UW Center for the Humanities’
Confessions in Wisconsin
What Democracy Looks Like
Top: Danielle Allen in the
student exhibition area Above:
Olajuwon Cawthon as Rousseau
In an interview, Allen emphasized that democracy is not a static thing where once you have it, then it is yours forever. It is a fluid concept that
depends upon the people engaged in it to make it happen.
“Democracy is something that lives as long as the citizenry keeps it alive,” Allen warned. “And to keep it alive, that means the citizenry needs
to understand the ideals of equality, has to understand the ideals of freedom and fundamentally enough, something that we don’t often notice is
that you actually need self-knowledge to go along with both of those things because being a responsible citizen actually means knowing
yourself and also knowing the community around you and being able to think about how to relate yourself and your own interests and your own
effort to pursue happiness to the efforts of other people. So there is a funny way in which I think actually that self-knowledge is a very critical
part of democratic citizenship.”
Allen noted that youth participation in civic discourse and elections is up since 2008, the year that President Barack Obama was first elected
president, using social media and other communication methods that reached younger voters. But youth political participation isn’t going to
necessarily look like their parents’ political participation.
“The amazing thing about youth engagement now — and the challenging thing — is a lot of it is happening outside of political institutions,”
Allen noted. “There are a heck of a lot of events that are digitally-based, social engagement and activism. You think about kids work around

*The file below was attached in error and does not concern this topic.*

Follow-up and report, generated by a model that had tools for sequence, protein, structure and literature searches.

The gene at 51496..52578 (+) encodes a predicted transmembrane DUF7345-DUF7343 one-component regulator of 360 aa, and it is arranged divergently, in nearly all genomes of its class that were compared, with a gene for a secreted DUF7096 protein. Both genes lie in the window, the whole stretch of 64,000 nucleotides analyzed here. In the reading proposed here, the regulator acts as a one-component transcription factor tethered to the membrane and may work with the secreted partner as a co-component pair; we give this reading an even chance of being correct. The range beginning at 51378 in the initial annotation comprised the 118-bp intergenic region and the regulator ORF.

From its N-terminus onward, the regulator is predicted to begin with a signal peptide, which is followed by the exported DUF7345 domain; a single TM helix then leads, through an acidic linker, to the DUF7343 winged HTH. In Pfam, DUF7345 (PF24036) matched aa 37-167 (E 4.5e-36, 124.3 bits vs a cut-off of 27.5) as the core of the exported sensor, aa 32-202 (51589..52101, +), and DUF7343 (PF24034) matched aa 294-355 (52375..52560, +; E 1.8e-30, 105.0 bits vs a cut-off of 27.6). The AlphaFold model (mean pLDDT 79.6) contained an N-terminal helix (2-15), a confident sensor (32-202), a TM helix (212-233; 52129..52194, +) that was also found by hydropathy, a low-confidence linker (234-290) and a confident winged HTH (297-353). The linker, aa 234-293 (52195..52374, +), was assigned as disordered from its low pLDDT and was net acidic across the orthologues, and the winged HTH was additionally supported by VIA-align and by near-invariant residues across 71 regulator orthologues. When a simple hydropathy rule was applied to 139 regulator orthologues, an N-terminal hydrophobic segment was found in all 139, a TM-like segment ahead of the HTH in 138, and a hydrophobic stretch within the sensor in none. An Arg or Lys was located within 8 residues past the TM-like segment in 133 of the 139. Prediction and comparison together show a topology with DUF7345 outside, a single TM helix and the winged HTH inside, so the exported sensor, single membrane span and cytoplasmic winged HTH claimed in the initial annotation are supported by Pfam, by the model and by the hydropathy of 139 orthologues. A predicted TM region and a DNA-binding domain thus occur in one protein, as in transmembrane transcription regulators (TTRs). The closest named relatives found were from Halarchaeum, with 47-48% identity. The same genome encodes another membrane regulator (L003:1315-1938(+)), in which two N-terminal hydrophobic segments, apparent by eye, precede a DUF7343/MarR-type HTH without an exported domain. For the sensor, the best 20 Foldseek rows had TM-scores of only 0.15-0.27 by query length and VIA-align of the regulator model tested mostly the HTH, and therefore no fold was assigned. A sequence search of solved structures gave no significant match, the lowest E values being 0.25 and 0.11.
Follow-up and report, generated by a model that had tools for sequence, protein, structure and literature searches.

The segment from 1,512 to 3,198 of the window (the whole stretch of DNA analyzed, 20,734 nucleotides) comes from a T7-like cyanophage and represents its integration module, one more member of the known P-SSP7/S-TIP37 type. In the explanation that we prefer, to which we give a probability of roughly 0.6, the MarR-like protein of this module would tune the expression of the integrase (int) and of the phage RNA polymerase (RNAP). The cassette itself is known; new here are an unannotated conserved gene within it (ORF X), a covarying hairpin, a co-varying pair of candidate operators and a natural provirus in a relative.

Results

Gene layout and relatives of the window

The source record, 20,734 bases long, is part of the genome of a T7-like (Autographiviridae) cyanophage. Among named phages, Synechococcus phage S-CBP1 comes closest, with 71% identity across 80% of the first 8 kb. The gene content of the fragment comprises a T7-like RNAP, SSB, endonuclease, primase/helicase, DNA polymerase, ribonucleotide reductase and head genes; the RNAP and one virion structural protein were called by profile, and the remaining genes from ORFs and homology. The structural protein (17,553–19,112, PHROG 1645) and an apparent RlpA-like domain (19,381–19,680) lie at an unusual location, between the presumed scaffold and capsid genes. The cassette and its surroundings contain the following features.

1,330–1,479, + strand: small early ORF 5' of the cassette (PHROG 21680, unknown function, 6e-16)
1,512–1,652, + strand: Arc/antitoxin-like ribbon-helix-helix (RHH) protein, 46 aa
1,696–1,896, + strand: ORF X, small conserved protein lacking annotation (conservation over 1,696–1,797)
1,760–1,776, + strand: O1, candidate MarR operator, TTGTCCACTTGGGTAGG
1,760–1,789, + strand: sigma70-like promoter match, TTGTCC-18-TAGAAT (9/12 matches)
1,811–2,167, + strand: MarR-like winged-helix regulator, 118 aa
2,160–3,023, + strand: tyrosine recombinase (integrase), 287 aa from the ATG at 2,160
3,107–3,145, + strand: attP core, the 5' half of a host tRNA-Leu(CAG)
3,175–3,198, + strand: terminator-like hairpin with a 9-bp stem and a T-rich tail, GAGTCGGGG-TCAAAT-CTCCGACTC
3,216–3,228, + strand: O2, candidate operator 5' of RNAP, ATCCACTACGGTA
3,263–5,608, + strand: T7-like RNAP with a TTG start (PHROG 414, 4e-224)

issues of food and diabetes and equity and kid’s issues around sexuality and sexual minorities. There’s an amazing amount of youth
engagement that happens through NGOs basically and non-profit organizations of various kinds. I’m thinking about things like the Mikva
Challenge in Chicago or the Harry Potter Alliance, which is an online-based community engagement of kids around sustainability and fair
trade. I think the challenge that we have actually is how to connect all of the energy that young people are displaying for engaging in their
communities back to political institutions.”
That online presence is what unites young people together.
“Social media is a tool that young people have gotten really good at using,” Allen said. “And they are using it to change public agendas,
change public discourse. So the Black Lives Matter campaign is a terrific example. We’re seeing a higher level of youth engagement than we
have seen in a long time. And again, the challenge is to reconnect that engagement to political institutions.”
And that engagement to political institutions, for the moment, has taken a 1960s style as social media has spurred almost instantaneous
demonstrations around police shootings.
“You are right to be reminded of the 1960s,” Allen said. “There is a sociologist who has done a comparative study of levels of social protest in
the U.S. and around the globe from the 1960s to the present. And in the last decade, we’ve hit the same levels of social protest as pertained in
the 1960s. So we are back in a moment like the 1960s.”
Unlike the 1960s, participation in voting and democracy is being discouraged instead of encouraged.
“The recent initiatives to restrict voting do concern me,” Allen said. “I really want to celebrate the League of Women Voters, which I think is
working really hard on maintaining voter participation and voter opportunities. They have an important program that is about registering high
school students to vote. And that is a program that moves in the opposite direction from some of these other movements. At the moment, the
League of Women Voters is a group that I would hold out as helping to push back against the constrictions on voting. And that is important. We